Unfortunately, this truce does not look like it will last. On the one hand, many on the evangelical “right” of Christianity (forgive the oversimplification) want to disprove evolution by any means necessary, including promoting bad science in school textbooks. Some atheists (most famously Richard Dawkins from the scientific community and Christopher Hitchens from the argumentative, self-satisfied twit community) have responded by accusing religion of being responsible for mass murder, colonialism, misogyny and a host of other sins. Religious leaders (including the Pope in his recent visit to the UK) then started equating atheism with the worst horrors of the 20th Century (the holocaust, Stalinism, Maoism, etc.).
None of this is very edifying, and I fear that in the quest of both “sides” for “victory,” we’ll all lose. Take, for example, the question of war. In it’s simplest form, it’s a struggle between one group and “the other.” I think maybe this very basic impulse was an evolutionary advantage early in human history. (But that doesn’t mean evolutionary theorists “caused” it.) Early humans faced a hostile world, relied on the people closest to them and were very suspicious of beings outside their group.
Jesus was aware of this dynamic, and spoke against it. He was very clear that his listeners had to expand their definition of what “the group” meant. It meant including Samaritans, tax collectors, the infirm, the Romans, all the people the religious leaders of the day saw seen as outsiders.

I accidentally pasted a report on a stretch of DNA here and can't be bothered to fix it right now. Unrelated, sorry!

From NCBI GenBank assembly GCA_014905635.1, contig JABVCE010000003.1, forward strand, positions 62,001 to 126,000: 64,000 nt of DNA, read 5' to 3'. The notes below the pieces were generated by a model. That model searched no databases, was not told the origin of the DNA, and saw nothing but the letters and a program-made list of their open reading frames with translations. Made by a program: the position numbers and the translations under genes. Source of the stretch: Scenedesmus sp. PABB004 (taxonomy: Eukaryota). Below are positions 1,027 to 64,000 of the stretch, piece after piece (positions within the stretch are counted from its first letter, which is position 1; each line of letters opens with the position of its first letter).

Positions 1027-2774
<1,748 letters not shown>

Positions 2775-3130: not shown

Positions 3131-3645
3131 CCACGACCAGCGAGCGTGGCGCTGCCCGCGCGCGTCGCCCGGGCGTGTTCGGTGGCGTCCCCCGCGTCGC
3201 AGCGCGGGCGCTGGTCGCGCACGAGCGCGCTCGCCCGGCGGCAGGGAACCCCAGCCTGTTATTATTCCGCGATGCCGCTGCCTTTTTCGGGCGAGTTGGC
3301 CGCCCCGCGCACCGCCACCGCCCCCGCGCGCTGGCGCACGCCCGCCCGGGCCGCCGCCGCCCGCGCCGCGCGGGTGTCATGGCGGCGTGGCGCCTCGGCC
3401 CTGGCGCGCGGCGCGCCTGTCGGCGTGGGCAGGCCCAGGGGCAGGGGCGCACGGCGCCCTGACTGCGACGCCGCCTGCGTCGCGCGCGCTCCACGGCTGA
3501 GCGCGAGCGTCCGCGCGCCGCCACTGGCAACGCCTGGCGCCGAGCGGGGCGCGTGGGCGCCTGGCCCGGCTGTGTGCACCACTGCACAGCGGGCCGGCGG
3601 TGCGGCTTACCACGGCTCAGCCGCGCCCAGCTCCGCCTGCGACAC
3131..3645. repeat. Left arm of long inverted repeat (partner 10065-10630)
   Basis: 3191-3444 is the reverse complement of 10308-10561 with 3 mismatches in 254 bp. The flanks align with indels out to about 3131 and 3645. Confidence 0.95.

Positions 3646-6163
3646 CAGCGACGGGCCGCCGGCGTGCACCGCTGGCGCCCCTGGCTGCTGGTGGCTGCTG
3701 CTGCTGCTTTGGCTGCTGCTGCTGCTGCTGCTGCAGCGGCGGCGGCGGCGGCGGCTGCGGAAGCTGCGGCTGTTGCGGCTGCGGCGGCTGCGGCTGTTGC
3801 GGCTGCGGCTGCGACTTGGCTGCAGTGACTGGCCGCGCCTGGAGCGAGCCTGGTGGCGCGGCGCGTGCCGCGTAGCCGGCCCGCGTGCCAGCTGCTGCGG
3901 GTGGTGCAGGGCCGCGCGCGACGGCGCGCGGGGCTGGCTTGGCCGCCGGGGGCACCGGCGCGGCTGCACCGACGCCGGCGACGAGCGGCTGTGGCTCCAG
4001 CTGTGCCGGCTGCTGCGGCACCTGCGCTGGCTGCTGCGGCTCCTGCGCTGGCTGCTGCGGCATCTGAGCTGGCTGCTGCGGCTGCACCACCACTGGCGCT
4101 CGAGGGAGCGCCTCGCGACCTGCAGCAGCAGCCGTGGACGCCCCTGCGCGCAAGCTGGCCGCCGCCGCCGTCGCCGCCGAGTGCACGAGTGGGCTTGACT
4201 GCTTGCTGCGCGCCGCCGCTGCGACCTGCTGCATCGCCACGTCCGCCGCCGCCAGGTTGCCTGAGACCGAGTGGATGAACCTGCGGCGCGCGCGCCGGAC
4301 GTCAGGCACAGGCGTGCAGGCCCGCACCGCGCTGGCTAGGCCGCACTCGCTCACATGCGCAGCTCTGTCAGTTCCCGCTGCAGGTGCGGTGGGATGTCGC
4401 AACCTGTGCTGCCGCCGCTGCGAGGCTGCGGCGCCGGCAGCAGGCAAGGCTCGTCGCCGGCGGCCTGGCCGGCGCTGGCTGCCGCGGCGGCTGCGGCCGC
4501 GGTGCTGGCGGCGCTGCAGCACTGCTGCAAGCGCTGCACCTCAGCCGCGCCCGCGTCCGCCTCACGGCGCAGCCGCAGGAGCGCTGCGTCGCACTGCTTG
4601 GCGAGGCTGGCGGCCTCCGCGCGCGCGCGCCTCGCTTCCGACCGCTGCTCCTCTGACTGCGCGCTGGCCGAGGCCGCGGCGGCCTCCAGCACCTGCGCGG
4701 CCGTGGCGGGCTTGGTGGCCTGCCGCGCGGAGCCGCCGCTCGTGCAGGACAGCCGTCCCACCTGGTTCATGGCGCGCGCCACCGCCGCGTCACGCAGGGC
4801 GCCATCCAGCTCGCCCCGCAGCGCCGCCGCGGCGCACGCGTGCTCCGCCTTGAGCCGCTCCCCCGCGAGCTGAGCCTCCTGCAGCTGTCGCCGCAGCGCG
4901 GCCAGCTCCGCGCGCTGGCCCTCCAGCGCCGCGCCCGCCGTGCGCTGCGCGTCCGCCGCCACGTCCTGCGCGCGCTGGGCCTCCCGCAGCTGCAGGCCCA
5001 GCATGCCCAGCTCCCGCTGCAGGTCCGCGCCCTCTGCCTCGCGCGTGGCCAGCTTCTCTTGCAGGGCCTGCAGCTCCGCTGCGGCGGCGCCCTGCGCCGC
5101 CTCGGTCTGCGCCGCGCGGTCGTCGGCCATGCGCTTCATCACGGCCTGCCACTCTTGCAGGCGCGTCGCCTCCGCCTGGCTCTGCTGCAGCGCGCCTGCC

The sad truth is that even though Jesus indentified this problem, Christianity has not been able to overcome it. The various wars over the Reformation stand as an indictment.
But saying Christianity has not been able to overcome sectarian violence is not the same as saying Christianity causes it. As I say, sectarianism runs right to the earliest days of our evolutionary history. But we’re in a situation now where neither the “Christians” nor the “atheists” (as labeled in the media wars) is interested in nuance. Both sides want “victory,” whatever that means.
And where does that leave me? Frustrated, I guess. I see people ridicule Stockwell Day or Sarah Palin, to take two not entirely random examples, and put them down because of their “Christian” views, because “everyone knows” that “sophisticated” people don’t believe what they do. But I want people to oppose them because their views about how society should be organized are unjust, and basically antithetical to Christianity.
So here’s my question:
How do I rescue a vision of Christianity that can accept evolution, focus on meaning and try to translate the message of Jesus (love the other as yourself, overcome suspicion, worship in spirit and truth) into a way of living that can help redirect the destructive energies of the “Christianity vs. atheism” battle into a common struggle to improve our world and rejoice in creation?
Or am I out to lunch?